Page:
THE FACTS speak for themselves ‘black is Black’ and ‘White is White’ the British “loyalist DUP” have always looked after no1″That’s a fact, you can check there record, if you wish you can ‘goggle it’ it’s a fact.
THE DUP look after the interests of the DUP not the North of Ireland. The DUP believe the North of Ireland is British, when it is not. The North of Ireland belongs to both communities both religions. None more than the other. And the Prods do not rule over the Fenian’s as it is believed in some limited quarters. We are equal on the Island of Ireland and the Good Friday Agreement which the DUP signed up too. Guarantee our Irish rights as Irish citizens and those rights can never be re-written in any context.
We have the right to claim our Irish or British citizenship that is up to us as Irish and European citizens the British choose to be British the Irish did not “we choose to be Irish and European” so the British can swim in the English channel but keep the fuck out of Irish water’s and that includes our “fishing waters” Ireland North and South belongs to the Irish. You’s have the English channel.
Ireland is Irish and if the DUP want to destroy their Irishness then let them do so in their very British country “England” but the British DUP should never be allowed to destroy Ireland North and South.
A very personal opinion written by myself: Seachranaidhe1
The man was found by staff from homeless charity The Welcome Organisation at around 8.30am on Friday.
It is understood he was from the Dublin area and that he had been offered accommodation on Thursday evening.
The Northern Ireland Ambulance Service was called to the scene at 8.28am to reports a man was unconscious and not breathing.
An ambulance and two rapid response vehicles were sent.
Detective Inspector Kerry Brennan said: “Police attended a report of a sudden death of a man at the High Street area of Belfast this morning (Friday 18th January).
“A post mortem is due to be carried out to establish the cause of death.
“Police enquiries are at an early stage and there are no further details at this time.”
“The person has not been formally named or cause of death ascertained but it was sudden and unexpected.
“Our thoughts are with the man’s family and friends some of whom are members of the homeless community and are very distressed and being supported by Welcome Organisation staff.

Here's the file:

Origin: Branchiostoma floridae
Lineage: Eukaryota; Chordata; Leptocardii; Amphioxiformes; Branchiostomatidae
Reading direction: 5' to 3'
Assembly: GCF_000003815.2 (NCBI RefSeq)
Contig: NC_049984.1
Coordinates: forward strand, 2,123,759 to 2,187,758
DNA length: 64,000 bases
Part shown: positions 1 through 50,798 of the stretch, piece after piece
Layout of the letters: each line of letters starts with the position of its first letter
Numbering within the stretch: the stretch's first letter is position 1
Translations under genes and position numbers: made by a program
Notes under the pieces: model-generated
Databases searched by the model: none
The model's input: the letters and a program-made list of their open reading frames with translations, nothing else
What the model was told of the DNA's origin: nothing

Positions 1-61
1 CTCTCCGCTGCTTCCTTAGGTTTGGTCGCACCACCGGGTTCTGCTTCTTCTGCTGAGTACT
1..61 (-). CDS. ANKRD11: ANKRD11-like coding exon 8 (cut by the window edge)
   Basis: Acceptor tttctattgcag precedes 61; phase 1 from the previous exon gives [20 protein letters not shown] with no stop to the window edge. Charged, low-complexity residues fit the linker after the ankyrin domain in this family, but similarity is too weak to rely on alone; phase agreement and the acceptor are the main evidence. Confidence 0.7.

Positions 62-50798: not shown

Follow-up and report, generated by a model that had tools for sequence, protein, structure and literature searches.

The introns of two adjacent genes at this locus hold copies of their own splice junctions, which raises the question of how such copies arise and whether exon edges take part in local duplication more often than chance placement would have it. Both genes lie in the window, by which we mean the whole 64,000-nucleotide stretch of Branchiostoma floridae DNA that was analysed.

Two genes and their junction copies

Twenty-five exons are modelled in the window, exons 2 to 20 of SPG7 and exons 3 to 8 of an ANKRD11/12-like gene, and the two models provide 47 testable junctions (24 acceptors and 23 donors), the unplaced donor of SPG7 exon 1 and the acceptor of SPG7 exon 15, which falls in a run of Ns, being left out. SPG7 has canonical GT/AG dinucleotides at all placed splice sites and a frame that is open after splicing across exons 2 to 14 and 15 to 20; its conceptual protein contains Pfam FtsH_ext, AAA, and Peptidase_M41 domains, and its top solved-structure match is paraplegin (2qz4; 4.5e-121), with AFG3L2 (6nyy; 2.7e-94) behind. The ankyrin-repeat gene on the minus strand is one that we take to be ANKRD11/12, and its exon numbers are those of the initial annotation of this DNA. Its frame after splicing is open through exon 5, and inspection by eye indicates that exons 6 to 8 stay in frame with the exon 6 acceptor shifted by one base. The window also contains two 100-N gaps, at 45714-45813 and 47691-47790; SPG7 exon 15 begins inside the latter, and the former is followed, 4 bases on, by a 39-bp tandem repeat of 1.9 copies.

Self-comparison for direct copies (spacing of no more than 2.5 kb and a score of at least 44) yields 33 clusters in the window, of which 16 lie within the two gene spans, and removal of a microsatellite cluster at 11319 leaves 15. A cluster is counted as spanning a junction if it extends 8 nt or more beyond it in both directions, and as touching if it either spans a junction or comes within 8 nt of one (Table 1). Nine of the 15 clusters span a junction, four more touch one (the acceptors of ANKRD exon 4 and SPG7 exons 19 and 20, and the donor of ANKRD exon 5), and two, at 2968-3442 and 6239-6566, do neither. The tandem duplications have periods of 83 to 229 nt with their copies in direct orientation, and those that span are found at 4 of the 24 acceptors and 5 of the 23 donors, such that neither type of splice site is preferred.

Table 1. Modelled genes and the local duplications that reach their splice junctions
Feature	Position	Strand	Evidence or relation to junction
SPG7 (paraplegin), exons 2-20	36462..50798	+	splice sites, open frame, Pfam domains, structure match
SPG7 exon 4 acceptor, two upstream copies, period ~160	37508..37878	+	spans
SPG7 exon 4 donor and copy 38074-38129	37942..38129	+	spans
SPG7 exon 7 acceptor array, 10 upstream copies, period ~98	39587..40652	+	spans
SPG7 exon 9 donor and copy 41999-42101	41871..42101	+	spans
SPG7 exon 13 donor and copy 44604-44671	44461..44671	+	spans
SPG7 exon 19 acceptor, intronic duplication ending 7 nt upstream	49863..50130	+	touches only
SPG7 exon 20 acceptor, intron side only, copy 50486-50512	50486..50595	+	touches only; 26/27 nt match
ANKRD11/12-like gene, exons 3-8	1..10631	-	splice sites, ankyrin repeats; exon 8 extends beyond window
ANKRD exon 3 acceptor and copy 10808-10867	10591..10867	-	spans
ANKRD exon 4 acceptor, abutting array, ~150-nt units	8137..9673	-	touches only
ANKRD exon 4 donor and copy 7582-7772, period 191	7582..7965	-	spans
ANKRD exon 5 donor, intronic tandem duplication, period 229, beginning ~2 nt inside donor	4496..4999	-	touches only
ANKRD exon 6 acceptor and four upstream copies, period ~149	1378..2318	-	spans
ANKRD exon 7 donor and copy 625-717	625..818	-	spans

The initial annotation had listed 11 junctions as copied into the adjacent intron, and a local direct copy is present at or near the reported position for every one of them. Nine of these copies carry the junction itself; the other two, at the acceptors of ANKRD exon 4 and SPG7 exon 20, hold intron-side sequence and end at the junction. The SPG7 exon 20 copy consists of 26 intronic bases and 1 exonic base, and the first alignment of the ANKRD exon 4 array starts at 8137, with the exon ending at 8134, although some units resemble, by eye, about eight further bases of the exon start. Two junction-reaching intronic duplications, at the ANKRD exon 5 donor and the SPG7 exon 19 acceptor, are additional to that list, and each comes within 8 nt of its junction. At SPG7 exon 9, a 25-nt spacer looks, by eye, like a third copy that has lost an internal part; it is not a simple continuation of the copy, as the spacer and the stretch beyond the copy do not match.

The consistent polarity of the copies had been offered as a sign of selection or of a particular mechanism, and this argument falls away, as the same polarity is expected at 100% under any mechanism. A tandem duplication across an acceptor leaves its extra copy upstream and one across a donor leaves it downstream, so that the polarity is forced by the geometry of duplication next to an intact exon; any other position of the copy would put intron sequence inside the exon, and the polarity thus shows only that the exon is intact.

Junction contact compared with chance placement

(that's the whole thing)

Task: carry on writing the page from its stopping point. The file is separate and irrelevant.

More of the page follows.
“It is tragic that people continue to die on our streets despite the wide range of support being offered. The sad reality is that the individuals involved in rough sleeping are amongst the most vulnerable in society: all too often suffering mental ill health, drug or alcohol addiction or all three.
“The reality is that if services like those provided by Welcome were not available, the number of street deaths would potentially be much greater”
“Working in this field is challenging at the best of times, but when you have to deal with a situation like this, it’s so tragic,” she said.
“The workers are shaken. The last thing they expected when they tried to rouse this young man was that he passed over.
“They had known this person, which makes it that bit more traumatic and personal.”
Ms Moore said about 80 individuals were known to be rough sleepers in Belfast, with about 25 on the streets at any one time. She said the majority were single young men.
“There is still something not right, this is one of the best cities in terms of homeless services, and being a small city, services work well together, but we obviously still haven’t got it right,” she said.
Staff from neighbouring businesses have told the Belfast Telegraph they saw CPR being performed by paramedics on an individual when they came into work on Friday morning. The cordon around the shops has now been lifted by police.
Belfast councillor Jim Rodgers said: “I am really sad that this has happened. We have got a number of people sleeping rough, especially in the city centre of Belfast. My thoughts and prayers and heart felt sympathy go out to his relatives and friends.
“It is just dreadful. I think we all need to do more to bring an end to homelessness in Northern Ireland.”
Sinn Fein MLA Carál Ní Chuilín said: “It’s a serious concern that a homeless man was found dead in Belfast city centre this morning.
“No one should ever have to sleep on the street, particularly in the cold weather.